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CITY TRIBUNE

Bradley Bytes: What’s RTÉ and Galway 2020 hiding and why?

Dara Bradley

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Bradley Bytes – A sort of political column with Dara Bradley 

RTÉ has refused to release documents about its media partnership with Galway 2020.
The State broadcaster cited “commercial sensitivity” when withholding records relating to its planning of a TV, radio and online promotional campaign for the European Capital of Culture.

RTÉ also refused to release records about information relating to “plans and proposals” by Galway 2020 for developments.
This, argued the Freedom of Information wing of the organisation, was withheld because the information was given to RTÉ “in confidence” and, “on the understanding the plans would be confidential, and if released, would likely result in the organisers becoming more reticent about being as open as possible”.
This is not the first time RTÉ has redacted records to conceal the nature and extent of its relationship with Galway 2020.
In its latest refusal to release certain documents, FOI officer Richard Dowling explained that planning for the promotional campaign was commercially sensitive.
He acknowledged that there was “always a strong argument to be made that all public bodies such as RTÉ should be as open as possible to promote transparency, accountability and improve decision making”.
However, he said, “RTÉ should also be able to interact with other organisations to ensure we meet not only our statutory obligations but also the role we – and others – want to see us play in cultural Ireland”.
The information redacted, he argued, “would allow other organisations to see what we can offer to event organisers and allow them to try and secure partnership roles to the detriment of RTÉ. It would also allow other event organisers to see what Galway 2020 secured so in future negotiations they would demand at least something similar or even more from the national broadcaster”.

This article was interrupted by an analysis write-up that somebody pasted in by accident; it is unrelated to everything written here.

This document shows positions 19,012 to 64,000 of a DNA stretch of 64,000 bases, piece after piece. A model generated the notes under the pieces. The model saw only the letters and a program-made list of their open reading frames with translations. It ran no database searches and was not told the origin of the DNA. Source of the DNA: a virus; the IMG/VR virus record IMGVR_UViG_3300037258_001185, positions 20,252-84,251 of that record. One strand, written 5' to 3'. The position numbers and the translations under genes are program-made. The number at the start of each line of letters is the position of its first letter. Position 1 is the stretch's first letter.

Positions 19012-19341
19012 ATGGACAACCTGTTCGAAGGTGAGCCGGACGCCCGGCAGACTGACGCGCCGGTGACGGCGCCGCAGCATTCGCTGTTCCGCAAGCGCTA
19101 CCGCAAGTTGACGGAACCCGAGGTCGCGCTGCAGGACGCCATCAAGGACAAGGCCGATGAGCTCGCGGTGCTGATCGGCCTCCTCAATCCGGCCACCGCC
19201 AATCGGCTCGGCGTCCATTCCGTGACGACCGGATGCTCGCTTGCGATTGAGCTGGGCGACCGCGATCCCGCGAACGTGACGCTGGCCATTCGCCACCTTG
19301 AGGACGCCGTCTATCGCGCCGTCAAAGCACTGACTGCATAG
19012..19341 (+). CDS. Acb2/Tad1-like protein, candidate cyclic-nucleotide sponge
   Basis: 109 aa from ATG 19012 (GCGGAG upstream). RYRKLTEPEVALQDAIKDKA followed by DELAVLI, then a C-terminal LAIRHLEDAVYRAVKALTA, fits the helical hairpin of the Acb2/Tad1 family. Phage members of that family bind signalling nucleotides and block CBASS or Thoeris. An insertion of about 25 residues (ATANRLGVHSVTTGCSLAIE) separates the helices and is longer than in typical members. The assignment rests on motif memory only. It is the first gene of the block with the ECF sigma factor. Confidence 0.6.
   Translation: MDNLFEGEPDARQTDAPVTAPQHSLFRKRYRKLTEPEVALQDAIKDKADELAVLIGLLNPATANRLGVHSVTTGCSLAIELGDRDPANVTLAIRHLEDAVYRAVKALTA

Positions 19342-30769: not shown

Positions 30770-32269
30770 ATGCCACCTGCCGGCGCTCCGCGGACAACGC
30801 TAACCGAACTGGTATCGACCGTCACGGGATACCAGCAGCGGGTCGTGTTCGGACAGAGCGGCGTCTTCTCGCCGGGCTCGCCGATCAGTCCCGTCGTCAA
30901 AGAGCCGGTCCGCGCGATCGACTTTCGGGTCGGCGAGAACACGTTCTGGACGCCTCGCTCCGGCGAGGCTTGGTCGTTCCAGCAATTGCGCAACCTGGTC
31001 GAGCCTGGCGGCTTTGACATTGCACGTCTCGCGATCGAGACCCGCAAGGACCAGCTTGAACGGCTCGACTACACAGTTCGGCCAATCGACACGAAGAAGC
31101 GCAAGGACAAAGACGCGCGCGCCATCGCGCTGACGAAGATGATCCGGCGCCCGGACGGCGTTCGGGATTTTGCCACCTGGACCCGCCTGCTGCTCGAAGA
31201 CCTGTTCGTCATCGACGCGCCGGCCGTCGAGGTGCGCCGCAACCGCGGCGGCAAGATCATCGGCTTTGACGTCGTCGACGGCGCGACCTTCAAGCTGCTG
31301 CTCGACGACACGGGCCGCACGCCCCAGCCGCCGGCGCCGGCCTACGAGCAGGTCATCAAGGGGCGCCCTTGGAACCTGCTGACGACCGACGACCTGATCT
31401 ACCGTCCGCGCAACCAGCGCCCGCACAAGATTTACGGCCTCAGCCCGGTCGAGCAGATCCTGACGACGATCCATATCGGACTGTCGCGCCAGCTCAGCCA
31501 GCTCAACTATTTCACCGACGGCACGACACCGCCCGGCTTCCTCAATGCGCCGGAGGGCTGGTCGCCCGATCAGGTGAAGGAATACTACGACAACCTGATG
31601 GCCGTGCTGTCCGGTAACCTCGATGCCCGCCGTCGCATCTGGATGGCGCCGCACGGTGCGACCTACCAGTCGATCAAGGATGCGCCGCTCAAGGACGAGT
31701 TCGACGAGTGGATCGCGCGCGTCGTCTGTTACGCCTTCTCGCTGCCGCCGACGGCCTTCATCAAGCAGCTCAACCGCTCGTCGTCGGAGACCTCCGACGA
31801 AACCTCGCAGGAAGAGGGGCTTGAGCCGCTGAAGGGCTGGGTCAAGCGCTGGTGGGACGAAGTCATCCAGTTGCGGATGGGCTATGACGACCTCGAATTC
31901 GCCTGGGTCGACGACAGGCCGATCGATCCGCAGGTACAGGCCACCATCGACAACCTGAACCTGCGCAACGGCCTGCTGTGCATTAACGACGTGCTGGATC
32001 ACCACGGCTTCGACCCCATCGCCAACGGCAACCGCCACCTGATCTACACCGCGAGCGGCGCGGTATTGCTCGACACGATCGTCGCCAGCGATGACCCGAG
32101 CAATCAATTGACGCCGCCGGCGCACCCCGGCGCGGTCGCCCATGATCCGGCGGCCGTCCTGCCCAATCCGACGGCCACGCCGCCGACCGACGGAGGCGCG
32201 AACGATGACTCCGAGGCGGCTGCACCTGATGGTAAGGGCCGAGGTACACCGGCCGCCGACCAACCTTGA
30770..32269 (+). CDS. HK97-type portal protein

Records relating to plans and proposals for developments at Galway 2020 were also withheld. RTÉ said that the “developments in question involve outside agencies, with which contracts have not been finalised” and so releasing the information prior to the contracts closing, would be “prejudicial to the negotiations”.
RTÉ acknowledged there was a “strong obligation on any public body in receipt of public funding to be as open and accountable as possible”; the FOI Act was “not designed to force non-FOI’able bodies to reveal their plans or proposals before they are ready to do so”.
Remember both these organisations are funded by your hard-earned cash: Galway 2020 is almost entirely dependent on State handouts; while RTÉ is heavily reliant on the public purse through the licence fee.

For more Bradley Bytes about Galway 2020’s team and Connacht Rugby’s knock-on, see this week’s Galway City Tribune 

CITY TRIBUNE

Galway City publican in heroic River Corrib rescue

Francis Farragher

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From this week’s Galway City Tribune – A city publican who last week helped save the life of a woman who had entered the waters of the Corrib off Wolfe Tone Bridge has made an appeal for young people to ‘look out for each other’.

Fergus McGinn, proprietor of McGinn’s Hop House in Woodquay, had been walking close to Jury’s Inn when he saw the young woman enter the river.

He then rushed to the riverbank on the Long Walk side of the bridge, jumped into the water, spoke to the woman and stayed with her until the emergency services arrived.

The incident occurred at about 3.45pm on Friday last, and a short time later the emergency services were on the scene to safely rescue the woman.

“She was lucky in that the river level was very low and she didn’t injure herself on the rocks and stones just under the water.”